May 7, 2018


Mangoes are often referred to as the ‘King of the Fruits’, and it’s not hard to see why. With their sweet taste, incomparable flavour and health properties, they bring a slice of sunshine to plates across the world. These benefits haven’t gone unnoticed with consumers; worldwide mango production passed unbelievable 40 million tonnes mark. In fact, they are the most eaten fruit in the world.

Native to the tropics of South Asia, mangoes have been cultivated for thousands of years. And people have made use of every part of the fruit; the bark, leaves, skin and pit have been used in folk remedies for centuries. While we can now enjoy the clean taste of fresh mango, when they were first imported to the American colonies in the 17th century, they had to be pickled due to lack of refrigeration.

Now, mangoes can be found across the world, cultivated in most frost-free, tropical and warmer subtropical climates. Mangoes feel particularly at home in India, which accounts for 45% of worldwide production. There’s no problem choosing a variety you like either, as there are about 300 varieties of mango grown there, with the leading varieties including Totapuri, Alphonso and Kesar.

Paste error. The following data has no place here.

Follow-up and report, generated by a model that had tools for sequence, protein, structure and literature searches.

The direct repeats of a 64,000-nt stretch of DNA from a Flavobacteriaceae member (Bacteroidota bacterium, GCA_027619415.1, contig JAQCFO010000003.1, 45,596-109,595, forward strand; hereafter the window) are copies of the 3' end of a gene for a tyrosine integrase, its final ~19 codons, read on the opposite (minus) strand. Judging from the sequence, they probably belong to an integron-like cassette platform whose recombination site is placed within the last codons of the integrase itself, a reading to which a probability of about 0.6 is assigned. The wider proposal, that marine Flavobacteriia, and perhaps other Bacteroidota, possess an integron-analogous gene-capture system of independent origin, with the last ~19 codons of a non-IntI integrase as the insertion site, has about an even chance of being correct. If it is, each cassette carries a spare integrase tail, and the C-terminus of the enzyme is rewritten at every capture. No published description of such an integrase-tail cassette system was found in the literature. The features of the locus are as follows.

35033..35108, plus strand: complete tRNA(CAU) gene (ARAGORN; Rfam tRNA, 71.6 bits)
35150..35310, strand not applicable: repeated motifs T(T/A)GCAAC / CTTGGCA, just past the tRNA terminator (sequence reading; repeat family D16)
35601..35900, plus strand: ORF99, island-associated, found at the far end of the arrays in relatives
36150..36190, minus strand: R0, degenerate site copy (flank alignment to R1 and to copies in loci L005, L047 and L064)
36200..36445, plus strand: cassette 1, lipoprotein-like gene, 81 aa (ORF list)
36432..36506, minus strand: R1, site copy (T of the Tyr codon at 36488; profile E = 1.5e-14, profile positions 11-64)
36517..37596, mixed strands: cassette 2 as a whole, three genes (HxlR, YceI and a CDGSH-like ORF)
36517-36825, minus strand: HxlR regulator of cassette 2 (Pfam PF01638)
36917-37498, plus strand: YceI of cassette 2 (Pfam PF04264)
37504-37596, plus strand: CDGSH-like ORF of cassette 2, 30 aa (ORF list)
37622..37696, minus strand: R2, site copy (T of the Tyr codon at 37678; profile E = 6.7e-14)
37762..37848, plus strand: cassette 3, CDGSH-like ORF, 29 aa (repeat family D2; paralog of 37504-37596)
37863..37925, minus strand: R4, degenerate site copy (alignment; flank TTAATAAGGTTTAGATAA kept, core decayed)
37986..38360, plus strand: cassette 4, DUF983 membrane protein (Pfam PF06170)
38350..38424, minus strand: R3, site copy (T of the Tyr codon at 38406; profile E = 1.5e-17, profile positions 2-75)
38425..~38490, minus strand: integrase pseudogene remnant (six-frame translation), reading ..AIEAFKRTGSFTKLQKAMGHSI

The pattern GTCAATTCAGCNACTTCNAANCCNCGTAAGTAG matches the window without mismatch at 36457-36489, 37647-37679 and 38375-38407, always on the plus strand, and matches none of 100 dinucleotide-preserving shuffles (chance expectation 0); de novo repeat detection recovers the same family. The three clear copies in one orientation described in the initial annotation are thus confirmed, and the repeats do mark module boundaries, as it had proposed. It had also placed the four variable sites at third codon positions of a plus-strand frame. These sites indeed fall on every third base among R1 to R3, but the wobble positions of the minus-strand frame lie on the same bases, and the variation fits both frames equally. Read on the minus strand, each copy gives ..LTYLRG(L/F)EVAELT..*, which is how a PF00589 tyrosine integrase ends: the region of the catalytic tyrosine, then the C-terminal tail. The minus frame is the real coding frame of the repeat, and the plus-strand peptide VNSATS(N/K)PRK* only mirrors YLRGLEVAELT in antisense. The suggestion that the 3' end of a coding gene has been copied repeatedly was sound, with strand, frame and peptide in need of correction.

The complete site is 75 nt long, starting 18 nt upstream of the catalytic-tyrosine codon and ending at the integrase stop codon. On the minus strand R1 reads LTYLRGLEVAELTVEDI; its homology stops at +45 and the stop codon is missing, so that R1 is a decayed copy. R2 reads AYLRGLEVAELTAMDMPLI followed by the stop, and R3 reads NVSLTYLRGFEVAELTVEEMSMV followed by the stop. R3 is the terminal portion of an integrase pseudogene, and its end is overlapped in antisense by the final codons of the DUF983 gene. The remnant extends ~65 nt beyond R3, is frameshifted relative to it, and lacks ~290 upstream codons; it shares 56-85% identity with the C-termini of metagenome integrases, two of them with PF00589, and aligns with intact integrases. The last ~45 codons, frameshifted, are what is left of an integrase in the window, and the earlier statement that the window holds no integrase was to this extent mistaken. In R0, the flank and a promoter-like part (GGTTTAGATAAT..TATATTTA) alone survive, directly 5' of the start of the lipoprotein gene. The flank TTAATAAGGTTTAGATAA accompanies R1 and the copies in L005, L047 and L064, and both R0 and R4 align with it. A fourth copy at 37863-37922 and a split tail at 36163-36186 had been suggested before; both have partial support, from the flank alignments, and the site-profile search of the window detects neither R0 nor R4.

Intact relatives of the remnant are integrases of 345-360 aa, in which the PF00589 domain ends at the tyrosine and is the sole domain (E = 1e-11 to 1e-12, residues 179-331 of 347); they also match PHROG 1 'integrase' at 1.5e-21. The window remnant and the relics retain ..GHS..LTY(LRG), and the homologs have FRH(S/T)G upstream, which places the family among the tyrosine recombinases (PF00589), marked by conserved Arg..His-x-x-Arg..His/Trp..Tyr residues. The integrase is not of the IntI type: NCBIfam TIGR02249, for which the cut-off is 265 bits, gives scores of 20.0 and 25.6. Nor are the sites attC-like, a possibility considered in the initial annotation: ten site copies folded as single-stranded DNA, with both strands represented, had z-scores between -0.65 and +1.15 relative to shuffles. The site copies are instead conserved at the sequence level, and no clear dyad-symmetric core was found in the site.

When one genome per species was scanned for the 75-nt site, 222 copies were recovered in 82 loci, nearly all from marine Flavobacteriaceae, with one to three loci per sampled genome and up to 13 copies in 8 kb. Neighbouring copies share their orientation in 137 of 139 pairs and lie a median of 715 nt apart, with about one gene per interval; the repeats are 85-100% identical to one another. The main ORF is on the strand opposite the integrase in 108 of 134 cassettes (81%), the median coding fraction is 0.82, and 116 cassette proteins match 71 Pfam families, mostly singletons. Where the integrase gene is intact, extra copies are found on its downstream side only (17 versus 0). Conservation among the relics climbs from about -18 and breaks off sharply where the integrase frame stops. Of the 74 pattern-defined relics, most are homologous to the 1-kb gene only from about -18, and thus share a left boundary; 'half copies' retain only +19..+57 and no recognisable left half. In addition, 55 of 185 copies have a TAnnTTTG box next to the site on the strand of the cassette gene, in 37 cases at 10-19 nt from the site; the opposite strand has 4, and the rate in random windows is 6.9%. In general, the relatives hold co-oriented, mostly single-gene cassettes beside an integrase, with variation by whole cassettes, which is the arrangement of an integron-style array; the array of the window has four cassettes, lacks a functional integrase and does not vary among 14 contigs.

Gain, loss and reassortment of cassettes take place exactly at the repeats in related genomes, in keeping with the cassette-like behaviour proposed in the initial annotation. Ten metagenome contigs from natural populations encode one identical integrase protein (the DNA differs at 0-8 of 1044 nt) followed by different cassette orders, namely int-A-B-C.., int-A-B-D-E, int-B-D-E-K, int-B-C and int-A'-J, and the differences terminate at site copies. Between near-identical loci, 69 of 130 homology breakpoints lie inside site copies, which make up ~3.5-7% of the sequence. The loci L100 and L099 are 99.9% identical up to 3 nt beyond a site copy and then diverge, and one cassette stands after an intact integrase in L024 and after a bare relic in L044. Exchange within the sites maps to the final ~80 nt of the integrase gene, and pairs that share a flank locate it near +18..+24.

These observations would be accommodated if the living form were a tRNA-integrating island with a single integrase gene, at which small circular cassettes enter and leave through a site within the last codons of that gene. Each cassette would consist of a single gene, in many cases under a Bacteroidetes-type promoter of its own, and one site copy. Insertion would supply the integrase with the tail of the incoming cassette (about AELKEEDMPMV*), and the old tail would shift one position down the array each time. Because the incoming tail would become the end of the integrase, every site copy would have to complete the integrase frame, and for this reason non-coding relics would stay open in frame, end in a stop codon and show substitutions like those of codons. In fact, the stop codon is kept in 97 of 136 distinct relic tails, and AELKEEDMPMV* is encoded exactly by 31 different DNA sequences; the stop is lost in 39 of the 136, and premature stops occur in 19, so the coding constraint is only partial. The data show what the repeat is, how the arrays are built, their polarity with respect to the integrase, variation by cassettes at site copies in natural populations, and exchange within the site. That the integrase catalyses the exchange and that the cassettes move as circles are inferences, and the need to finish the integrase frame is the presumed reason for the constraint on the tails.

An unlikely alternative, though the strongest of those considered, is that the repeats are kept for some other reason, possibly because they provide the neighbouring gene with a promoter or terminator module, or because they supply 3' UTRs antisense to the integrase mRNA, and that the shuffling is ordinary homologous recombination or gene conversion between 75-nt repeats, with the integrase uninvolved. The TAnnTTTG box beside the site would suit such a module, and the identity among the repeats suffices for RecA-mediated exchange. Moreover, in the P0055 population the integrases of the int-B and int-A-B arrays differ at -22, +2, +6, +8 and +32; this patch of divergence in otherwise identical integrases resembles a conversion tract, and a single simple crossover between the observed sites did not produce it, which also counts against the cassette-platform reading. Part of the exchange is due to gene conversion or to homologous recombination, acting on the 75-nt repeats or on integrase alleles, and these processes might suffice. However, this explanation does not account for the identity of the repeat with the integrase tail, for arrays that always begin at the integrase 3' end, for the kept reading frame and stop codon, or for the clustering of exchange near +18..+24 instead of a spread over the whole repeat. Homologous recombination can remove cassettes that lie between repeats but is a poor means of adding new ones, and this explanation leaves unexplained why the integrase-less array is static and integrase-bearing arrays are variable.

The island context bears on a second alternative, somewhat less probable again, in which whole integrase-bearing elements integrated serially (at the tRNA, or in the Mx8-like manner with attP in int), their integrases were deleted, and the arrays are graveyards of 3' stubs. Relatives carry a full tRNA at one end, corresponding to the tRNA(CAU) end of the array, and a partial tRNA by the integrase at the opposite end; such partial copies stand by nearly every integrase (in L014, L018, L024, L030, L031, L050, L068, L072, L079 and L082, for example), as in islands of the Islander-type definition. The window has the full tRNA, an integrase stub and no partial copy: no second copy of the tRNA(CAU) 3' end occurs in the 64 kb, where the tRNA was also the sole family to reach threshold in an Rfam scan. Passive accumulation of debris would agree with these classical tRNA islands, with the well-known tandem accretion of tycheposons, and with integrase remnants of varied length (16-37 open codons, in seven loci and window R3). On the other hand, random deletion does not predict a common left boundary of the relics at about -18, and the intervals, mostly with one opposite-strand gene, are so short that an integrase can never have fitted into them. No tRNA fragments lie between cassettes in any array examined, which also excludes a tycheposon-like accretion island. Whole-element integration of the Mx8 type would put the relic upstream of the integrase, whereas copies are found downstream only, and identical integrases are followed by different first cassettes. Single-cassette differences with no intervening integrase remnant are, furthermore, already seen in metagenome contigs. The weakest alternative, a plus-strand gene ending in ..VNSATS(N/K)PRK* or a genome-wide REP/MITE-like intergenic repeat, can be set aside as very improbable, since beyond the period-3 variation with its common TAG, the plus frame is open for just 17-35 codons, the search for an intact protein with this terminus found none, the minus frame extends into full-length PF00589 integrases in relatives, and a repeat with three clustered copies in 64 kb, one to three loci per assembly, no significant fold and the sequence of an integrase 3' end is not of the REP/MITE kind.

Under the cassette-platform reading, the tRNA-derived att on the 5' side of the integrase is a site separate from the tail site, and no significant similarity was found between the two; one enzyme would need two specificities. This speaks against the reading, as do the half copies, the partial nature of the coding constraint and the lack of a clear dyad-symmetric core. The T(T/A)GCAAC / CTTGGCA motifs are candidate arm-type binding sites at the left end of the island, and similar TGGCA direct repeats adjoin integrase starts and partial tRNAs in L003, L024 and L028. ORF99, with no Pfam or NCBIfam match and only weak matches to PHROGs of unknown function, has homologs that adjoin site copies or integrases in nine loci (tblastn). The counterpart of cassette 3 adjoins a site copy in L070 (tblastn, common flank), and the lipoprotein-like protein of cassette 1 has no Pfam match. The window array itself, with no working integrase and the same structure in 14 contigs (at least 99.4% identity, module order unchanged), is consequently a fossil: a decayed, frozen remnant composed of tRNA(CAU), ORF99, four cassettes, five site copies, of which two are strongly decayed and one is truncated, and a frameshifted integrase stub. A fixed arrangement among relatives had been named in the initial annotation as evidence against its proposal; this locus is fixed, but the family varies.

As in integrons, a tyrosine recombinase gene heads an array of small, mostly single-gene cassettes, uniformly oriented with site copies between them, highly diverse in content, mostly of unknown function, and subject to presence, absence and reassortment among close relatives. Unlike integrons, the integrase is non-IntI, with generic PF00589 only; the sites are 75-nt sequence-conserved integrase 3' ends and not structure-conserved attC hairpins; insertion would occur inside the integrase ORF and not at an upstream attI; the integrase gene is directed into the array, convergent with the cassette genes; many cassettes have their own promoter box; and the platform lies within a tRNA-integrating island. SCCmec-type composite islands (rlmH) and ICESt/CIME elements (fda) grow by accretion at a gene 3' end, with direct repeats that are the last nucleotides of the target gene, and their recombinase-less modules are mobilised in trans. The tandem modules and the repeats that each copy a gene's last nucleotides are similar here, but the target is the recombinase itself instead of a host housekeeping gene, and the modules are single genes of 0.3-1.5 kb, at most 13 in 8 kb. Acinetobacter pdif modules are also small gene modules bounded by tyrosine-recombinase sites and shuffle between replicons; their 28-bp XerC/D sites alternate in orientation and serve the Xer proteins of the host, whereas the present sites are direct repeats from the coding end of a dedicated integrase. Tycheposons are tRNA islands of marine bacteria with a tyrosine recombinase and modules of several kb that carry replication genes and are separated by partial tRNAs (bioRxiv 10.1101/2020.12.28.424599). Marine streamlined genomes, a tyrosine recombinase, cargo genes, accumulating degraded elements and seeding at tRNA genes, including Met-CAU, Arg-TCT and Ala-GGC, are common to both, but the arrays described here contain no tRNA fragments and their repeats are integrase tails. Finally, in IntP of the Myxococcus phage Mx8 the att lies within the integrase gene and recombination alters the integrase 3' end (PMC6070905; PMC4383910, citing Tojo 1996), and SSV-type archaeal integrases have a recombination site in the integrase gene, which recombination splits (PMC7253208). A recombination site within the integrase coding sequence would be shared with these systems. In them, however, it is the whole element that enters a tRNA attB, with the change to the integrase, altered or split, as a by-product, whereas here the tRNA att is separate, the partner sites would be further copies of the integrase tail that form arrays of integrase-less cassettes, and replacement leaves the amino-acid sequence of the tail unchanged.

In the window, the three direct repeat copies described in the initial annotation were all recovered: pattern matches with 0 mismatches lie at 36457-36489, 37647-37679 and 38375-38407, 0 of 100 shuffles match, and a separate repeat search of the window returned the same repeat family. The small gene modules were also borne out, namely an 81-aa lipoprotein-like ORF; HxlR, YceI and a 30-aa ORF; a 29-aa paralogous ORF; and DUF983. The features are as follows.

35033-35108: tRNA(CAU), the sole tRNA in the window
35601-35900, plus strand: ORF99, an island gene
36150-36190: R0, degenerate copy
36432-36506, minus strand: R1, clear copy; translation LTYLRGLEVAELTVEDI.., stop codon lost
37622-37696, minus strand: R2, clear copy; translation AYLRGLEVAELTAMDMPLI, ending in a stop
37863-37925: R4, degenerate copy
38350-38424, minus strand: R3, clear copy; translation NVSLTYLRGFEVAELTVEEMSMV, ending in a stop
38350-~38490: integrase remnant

They remain a firm favourite across the world – the mango is even the national fruit of India, Pakistan and the Philippines, and the national tree of Bangladesh. Grown on the Mangifera flowering plant, mangoes are grouped in the same family as cashews and pistachios.

While mangoes are much larger than those Mangifera counterparts, the ripe fruit varies in size and colour – it can be yellow, orange, red or green. Growing up to 30 meters, the trees are certainly imposing in stature.

The mango’s royal qualities extend to its rich nutritional benefits. They contain high amounts of vitamin C and folate, as well as other nutrients like vitamin A and B vitamins. Not only this, mangoes also contain moderate amounts of copper, a co-factor for many vital enzymes and a crucial ingredient for the production of red blood cells.

Mango is often added to food and beverages to increase a natural sweetness, making it a popular choice for juices, smoothies, ice cream or pies. Now a consumer favourite, mango ingredients can also bring an exotic taste to exciting combinations, such as luxury dark chocolate with mango and coconut, mango and almond bars – or cranberry and mango chutney.

For more information on using mango ingredients to create more tropical food and beverage products, just get in touch.

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